Mining shares bust the gloom

New dawn: A pit head at Anglo American Platinum’s Tumela open-pit platinum mine in Thabazimbi. The company’s share price has risen 59% in the past six months. (Siphiwe Sibeko/Reuters)

New dawn: A pit head at Anglo American Platinum’s Tumela open-pit platinum mine in Thabazimbi. The company’s share price has risen 59% in the past six months. (Siphiwe Sibeko/Reuters)

If you’re fed up with the doom and gloom and think that mining as an industry in South Africa is finished, you could do worse than check out the minerals sector — equity prices are up 30% this year.

Mining houses have been in the doldrums, with the sector plagued by policy uncertainty, load-shedding, ongoing labour disputes, and lacklustre demand and prices. But key South African-produced minerals — platinum group metals (PGMs), iron ore and gold — are, for different reasons, back in favour.

All are being boosted by a relatively weak rand caused by uncertainty about trade agreements between the United States and China and sluggish investment in emerging markets, coupled with weak economic growth.

Gold was trading this week at an eight-year high, driven in part by investors seeking a safe haven as US President Donald Trump continues to wage Twitter wars on his perceived adversaries.

The JSE’s gold mining index is up about 50% in the year to June 2019, versus 11% for the All share index.

Platinum group metals (PGM)prices have seen the Impala Platinum share price rocket 93% over the past six months.

Anglo American Platinum saw share price growth of 59% in the same period and on Monday its share price rose more than 5% after it predicted an 80% jump in earnings ahead of the release of its interim results in July.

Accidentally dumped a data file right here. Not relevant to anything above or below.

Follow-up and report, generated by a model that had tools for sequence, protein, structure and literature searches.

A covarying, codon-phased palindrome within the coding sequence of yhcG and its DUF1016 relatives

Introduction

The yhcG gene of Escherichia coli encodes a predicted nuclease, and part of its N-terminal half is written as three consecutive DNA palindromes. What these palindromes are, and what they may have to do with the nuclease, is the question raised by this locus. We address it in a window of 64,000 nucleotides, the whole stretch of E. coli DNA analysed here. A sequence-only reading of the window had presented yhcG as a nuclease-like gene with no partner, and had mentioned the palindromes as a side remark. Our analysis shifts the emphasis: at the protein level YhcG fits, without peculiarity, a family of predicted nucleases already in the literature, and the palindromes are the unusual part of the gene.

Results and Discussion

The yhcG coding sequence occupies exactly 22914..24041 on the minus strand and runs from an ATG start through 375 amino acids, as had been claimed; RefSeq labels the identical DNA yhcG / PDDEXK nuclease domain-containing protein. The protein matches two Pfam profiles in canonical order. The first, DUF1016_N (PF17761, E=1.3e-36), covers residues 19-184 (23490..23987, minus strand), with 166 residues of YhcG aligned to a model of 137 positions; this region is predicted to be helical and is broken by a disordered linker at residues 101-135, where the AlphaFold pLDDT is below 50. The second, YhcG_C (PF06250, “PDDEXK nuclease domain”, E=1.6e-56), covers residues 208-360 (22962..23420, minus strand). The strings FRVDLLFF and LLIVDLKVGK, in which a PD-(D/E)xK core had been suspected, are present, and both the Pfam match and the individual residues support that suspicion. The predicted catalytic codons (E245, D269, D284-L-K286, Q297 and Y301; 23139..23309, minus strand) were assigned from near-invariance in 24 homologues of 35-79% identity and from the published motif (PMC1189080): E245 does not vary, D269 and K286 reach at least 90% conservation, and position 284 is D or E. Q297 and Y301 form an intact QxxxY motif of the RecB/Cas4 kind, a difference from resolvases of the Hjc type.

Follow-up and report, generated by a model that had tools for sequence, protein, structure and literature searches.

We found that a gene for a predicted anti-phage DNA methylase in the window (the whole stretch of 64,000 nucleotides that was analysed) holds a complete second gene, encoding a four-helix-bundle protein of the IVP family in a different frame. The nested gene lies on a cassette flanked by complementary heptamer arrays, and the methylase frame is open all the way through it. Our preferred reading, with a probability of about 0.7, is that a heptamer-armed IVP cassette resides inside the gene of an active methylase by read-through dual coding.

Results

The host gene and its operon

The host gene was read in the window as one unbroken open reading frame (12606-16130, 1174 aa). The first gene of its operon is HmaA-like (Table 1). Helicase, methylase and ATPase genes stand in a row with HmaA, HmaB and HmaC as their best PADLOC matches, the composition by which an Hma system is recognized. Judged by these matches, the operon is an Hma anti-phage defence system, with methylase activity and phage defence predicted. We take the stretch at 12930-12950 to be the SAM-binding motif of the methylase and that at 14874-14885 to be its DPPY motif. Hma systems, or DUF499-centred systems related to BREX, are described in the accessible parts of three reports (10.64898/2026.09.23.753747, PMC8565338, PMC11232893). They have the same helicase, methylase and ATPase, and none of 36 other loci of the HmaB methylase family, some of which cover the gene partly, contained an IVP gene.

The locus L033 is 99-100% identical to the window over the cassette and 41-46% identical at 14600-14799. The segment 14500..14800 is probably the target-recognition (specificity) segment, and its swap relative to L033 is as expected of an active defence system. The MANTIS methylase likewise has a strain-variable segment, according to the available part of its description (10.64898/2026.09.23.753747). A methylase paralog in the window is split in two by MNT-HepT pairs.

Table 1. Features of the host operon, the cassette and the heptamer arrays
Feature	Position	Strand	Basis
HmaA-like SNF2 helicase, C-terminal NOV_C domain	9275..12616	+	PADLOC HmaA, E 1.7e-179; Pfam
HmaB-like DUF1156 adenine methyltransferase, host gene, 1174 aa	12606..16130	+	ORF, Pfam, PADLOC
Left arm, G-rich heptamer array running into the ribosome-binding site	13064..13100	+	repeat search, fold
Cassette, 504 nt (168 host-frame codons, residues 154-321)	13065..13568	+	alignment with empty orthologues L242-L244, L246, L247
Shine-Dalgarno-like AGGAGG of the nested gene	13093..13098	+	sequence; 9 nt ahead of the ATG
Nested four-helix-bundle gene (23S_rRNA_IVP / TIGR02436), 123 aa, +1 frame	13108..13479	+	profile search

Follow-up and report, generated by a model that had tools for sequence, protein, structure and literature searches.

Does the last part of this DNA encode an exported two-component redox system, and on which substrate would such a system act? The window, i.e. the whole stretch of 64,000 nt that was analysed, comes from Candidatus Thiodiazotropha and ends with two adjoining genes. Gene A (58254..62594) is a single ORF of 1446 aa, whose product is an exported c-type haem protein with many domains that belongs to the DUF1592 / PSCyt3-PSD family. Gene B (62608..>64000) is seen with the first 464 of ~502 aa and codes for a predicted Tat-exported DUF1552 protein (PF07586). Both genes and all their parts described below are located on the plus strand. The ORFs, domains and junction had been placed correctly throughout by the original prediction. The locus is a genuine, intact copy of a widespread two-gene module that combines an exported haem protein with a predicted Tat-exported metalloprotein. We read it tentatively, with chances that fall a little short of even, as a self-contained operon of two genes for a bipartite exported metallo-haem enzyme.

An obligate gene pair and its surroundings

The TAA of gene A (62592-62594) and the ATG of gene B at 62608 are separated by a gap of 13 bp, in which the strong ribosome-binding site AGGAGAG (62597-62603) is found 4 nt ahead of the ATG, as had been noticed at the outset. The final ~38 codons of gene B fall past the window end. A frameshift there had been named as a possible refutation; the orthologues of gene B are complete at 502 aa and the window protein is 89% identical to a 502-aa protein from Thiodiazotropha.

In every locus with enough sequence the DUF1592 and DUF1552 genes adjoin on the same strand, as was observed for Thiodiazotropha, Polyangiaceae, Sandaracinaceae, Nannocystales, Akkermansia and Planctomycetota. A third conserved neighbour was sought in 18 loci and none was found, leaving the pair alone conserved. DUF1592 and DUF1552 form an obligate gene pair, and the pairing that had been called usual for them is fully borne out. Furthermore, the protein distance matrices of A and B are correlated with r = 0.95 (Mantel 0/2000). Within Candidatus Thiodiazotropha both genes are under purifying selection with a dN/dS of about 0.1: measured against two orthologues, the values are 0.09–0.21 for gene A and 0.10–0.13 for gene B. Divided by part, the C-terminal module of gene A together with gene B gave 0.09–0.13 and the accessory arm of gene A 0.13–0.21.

In a trading statement, the company cited the “increase in the rand PGM basket price” as the reason behind anticipated high earnings.

PGM producers have seen handsome returns as the basket price of the precious metals has risen dramatically in the past year, driven in part by demand for use in catalytic converters in diesel vehicles.

Kumba Iron Ore expects a 160% jump in earnings, bolstered by high iron-ore prices and a weaker rand-dollar exchange rate. In a trading statement released in May ahead of its publication of its interim results in July, Kumba said headline earnings are “expected to increase by at least 160%”.

Local mining stocks haven’t had it this good since 2008, Bloomberg reported this week.
“Thanks to surging iron ore, gold and platinum-group metals, a Johannesburg index of mining equities has climbed 30% this year. Miners account for seven of the market’s 10 best-performing stocks in 2019.”

The seven best-performing mining companies listed by Bloomberg are Impala (93%), Kumba (77%), Sibanye-Stillwater (68%), Gold Fields (66%), Anglo American Platinum (59%), Northam Platinum (44%) and AngloGold Ashanti (40%).

The rand’s 3.4% nosedive against the dollar over the past month has also improved the perspective for the country’s mining houses.

An investment analyst at Anchor Capital, Seleho Tsatsi, said the performance of iron ore has exceeded market expectations after the shortage in supply from Brazil’s Vale dam disaster in January.

“The big four Australian iron ore miners have had operational issues which put pressure on their shipment, so iron ore’s supply is quite tight this year,” he said.